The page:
Native Americans, educations, American Indians, Free Exercise Clause, First Amendment, Indian tribes, equality, self-determination, education policy, Indian Child Welfare Act, Indian Education Act, Native American Languages Act, culture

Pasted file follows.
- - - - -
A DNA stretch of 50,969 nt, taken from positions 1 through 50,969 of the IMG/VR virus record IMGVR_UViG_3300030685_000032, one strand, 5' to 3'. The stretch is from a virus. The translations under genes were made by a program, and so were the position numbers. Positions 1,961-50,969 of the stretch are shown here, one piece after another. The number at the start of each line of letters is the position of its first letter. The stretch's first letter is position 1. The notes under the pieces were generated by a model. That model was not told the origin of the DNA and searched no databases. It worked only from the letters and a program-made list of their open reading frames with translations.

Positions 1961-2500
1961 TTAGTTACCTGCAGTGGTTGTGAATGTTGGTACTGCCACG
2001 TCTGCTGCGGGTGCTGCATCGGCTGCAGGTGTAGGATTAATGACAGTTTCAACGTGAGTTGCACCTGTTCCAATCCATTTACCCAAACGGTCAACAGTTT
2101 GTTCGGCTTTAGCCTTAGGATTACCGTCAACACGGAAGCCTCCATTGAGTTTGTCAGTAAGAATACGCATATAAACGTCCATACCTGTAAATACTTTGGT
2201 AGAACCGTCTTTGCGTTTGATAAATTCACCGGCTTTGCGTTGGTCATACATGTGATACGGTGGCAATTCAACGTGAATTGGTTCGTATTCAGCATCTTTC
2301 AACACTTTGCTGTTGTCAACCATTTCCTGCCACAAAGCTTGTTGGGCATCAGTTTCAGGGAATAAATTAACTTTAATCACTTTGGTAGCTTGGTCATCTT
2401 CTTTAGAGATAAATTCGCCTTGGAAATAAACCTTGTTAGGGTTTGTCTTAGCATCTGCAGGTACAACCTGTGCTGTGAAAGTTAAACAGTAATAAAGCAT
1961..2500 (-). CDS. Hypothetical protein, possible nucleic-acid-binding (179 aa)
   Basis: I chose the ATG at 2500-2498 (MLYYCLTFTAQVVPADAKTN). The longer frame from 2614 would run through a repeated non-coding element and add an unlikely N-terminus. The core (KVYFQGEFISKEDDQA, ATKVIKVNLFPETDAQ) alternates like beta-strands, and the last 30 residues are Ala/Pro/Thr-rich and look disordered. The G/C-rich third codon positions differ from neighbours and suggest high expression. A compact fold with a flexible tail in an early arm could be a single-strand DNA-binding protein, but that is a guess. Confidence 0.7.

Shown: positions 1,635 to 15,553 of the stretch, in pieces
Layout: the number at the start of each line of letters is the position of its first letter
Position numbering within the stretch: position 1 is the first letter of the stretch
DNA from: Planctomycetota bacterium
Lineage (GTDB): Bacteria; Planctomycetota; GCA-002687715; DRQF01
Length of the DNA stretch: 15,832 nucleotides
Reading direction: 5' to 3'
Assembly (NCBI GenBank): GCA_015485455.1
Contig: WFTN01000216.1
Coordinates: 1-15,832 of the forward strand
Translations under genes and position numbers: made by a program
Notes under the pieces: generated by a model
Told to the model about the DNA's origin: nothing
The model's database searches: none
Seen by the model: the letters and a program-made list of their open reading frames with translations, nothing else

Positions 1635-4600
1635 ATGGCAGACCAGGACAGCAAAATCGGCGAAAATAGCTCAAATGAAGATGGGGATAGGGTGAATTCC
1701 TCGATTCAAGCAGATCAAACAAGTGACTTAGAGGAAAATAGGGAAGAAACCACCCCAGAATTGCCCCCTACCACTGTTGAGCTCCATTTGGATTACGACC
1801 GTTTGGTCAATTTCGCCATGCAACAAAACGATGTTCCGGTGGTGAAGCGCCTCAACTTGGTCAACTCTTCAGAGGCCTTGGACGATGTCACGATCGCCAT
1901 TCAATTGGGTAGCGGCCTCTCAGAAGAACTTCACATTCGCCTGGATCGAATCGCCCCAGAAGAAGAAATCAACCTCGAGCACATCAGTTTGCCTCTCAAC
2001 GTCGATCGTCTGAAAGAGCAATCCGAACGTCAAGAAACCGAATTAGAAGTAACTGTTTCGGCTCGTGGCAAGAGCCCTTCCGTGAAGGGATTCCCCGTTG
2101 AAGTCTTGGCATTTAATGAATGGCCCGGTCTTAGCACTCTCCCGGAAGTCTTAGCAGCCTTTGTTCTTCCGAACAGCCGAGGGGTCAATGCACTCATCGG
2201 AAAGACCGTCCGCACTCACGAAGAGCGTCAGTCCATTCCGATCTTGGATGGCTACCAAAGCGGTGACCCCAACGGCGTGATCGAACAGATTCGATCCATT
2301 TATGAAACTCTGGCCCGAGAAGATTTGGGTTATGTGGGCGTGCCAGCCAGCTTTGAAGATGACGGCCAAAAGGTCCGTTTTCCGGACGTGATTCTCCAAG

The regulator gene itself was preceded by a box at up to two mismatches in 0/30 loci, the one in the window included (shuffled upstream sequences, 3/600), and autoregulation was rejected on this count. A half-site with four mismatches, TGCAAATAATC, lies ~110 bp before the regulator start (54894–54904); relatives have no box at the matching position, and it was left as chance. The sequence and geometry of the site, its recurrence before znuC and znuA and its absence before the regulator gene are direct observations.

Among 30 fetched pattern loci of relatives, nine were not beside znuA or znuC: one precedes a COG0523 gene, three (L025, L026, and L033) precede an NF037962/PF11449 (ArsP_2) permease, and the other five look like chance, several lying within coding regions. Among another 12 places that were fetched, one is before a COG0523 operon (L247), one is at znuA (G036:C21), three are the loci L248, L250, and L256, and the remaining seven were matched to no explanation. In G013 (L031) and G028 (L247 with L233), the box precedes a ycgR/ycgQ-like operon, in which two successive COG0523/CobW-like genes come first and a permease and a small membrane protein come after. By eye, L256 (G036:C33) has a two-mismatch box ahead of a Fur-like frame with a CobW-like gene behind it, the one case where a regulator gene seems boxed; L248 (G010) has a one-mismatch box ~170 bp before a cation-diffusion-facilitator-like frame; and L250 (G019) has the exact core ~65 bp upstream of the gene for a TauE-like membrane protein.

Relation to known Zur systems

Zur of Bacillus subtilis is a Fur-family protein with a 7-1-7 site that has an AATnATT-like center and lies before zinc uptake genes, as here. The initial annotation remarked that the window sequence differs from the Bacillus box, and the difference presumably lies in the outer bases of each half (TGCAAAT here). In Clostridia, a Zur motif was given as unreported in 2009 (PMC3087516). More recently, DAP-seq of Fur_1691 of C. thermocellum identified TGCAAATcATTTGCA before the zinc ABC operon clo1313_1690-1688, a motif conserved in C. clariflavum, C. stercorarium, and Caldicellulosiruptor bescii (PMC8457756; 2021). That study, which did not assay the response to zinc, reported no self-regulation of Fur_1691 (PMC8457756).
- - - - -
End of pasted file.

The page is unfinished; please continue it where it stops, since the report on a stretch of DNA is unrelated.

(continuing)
One legacy of America's mistreatment of its indigenous peoples has been an educational policy that has run roughshod over Native American Free Exercise rights. Today, American Indian tribes widely seek increased control over the education of their children. This position has received broad congressional and presidential support since the Nixon Administration, but more than twenty years later, Native Americans are still fighting to attain their goals. Federal statistics that rank American Indians as our least educated, most addicted, shortest-lived citizens suggest tremendous room for improvement in Indian education. Despite certain circuit court Free Exercise Clause decisions that unreasonably hold Indian First Amendment rights to a lower standard of protection than other religions, the Supreme Court has generally followed the trend of Congress and the President of fostering Indian self-determination. Likening Native Americans to the canaries once carried by miners to detect poison gas, Felix S. Cohen, "the Grandfather of Indian Law," characterized the Indians as a litmus test for the political health of America as a whole. In light of Cohen's apt characterization of the significance of Indian rights, our ability to preserve Native American culture has implications for the rights of all Americans. The key to Native American educational success lies with the encouragement of parental involvement, and the establishment of state-tribal compacts and tribal education departments and codes, all of which can be easily instituted for potentially tremendous gains.



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